Gogol’s works fall roughly into three categories, which in turn correspond approximately to three different periods in his creative life. The first period is represented solely by short stories that exhibit lush local color from the Ukraine and Gogol’s own mixing of devils and simple folk. Seven of the eight stories from the collection Evenings on a Farm Near Dikanka, which appeared in 1831 (with the second part following in 1832), belong in this category, as well as the stories in Mirgorod, first published in 1835.

The second major period of Gogol’s literary life features works either centered on a locus in the imperial center of Russia, St. Petersburg itself, or surrounding the bureaucrats and petty officials ubiquitous in the provinces of the empire. This period stretches roughly from 1835 to 1842 and includes the short stories “Nevsky Prospekti” (“Nevsky Prospect”), “Zapiski sumasshedshego” (“The Diary of a Madman”), “The Overcoat,” “The Nose,” the play The Inspector General, and the novel Dead Souls. The short story “Portret” (“The Portrait”), although definitely a product of this period, is singular for its strong echoes of the devil tales in the early period.

The last period can claim only one published work, Selected Passages from Correspondence with Friends, and is typically interpreted as a reversal in Gogol’s creative development. If the analyst, however, can keep in mind Gogol’s rather fanatic attachment to his artistic life as a devotional to God, then perhaps this otherwise unexplainable curve in his creative evolution might seem more understandable.

The two volumes of Evenings on a Farm Near Dikanka contain eight stories. However atypical they were to become in terms of setting and subject matter, these tales of the Ukraine, with various elements of the supernatural adding terror, exhibit many of the qualities found in the mature writer of the second period. They are magical and engaging, heroic and base, simply enjoyable to read and quite poignant.

“A May Night”

An excellent example of these tales is “Mayskaya Noch: Ili, utoplennitsa” (“A May Night: Or, The Drowned Maiden”). The plot is a simple love story in which the lovers are not allowed to wed because of the objection of the man’s father. The seeming simplicity, however, is overwhelmed by acts of Satan, witches, and rusalki. (In folk belief, rusalki are female suicides who endlessly inhabit the watery depths of ponds, tempting men and often causing their deaths.) When the antics of Ukrainian cossack youths do not by themselves bring the matter to resolution, the rusalka puts a letter into the young man’s hand, which secures for him his marriage.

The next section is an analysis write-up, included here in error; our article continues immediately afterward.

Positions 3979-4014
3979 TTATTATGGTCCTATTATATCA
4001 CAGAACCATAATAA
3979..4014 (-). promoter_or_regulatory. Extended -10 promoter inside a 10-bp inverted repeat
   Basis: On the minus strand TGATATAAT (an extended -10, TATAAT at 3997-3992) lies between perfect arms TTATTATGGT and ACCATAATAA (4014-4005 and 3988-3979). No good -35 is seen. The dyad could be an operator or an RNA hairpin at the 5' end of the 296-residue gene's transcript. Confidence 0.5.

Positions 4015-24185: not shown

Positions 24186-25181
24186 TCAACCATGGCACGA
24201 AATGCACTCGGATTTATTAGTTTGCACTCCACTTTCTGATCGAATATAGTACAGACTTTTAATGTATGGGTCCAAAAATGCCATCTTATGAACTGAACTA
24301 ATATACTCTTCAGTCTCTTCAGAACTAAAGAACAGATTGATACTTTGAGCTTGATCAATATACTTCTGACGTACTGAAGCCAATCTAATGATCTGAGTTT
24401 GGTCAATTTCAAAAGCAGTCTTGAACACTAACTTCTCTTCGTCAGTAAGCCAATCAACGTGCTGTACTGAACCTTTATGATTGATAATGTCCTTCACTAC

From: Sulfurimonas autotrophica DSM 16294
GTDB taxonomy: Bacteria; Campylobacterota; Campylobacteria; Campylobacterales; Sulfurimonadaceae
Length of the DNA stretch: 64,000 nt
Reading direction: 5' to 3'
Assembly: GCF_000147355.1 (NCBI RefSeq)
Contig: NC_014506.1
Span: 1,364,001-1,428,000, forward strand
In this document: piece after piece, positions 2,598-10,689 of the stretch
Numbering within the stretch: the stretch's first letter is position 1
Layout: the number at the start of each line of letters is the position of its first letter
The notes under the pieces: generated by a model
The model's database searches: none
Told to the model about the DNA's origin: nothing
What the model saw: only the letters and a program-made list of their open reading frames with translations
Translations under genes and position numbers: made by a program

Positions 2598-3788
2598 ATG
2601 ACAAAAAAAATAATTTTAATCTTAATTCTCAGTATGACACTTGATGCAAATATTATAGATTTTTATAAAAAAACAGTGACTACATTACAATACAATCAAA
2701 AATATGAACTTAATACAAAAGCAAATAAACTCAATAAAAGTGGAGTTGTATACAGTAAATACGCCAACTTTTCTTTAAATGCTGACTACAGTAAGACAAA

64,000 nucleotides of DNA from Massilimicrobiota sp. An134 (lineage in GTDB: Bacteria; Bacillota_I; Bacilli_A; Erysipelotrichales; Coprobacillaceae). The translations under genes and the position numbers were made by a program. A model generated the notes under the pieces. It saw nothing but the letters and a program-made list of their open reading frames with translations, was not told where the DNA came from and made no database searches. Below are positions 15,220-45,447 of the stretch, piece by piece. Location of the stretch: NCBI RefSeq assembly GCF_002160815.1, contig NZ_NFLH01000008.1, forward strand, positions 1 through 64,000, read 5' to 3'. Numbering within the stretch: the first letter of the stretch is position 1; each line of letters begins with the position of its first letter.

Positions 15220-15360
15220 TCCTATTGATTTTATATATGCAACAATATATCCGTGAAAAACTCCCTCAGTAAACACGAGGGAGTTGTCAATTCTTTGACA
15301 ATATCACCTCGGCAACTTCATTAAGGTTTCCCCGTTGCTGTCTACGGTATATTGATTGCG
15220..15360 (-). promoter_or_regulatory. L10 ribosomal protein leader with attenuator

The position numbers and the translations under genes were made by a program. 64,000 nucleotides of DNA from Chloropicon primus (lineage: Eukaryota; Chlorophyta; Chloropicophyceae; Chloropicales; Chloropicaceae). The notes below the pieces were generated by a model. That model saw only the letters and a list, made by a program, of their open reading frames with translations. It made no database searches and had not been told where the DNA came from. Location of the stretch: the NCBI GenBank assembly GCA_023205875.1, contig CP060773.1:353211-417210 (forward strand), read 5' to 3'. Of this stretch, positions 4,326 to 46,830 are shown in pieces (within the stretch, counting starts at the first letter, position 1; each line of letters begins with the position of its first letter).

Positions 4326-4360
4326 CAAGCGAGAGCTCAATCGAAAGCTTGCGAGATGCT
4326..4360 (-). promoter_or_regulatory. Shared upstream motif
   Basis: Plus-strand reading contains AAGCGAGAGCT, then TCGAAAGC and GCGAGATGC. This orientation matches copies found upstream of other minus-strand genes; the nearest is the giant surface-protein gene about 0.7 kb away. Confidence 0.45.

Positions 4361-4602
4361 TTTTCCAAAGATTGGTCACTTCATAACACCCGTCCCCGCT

The characters are depicted in ways highly reminiscent of the oral folktales. Levko, the hero, sings to his beloved to come out of her house. He speaks of his “brighteyed beauty,” her “little white hands,” and her “fair little face.” All these figures of speech are fixed epithets common in folklore. He promises to protect her from detection—“I will cover you with my jacket, wrap my sash around you, or hide you in my arms—and no one will see us,”—forfending the possible intrusion three ways. Likewise, he promises to protect her from any cold—“I’ll press you warmer to my heart, I’ll warm you with my kisses, I’ll put my cap over your little white feet”—that is, a threefold protection. The reinforcement of images in threes is also quite common in folklore. Thus, clearly, Gogol is invoking folklore in his artistic works. Nevertheless, there are hints of the mature Gogol in the landscape...

(The entire section is 3315 words.)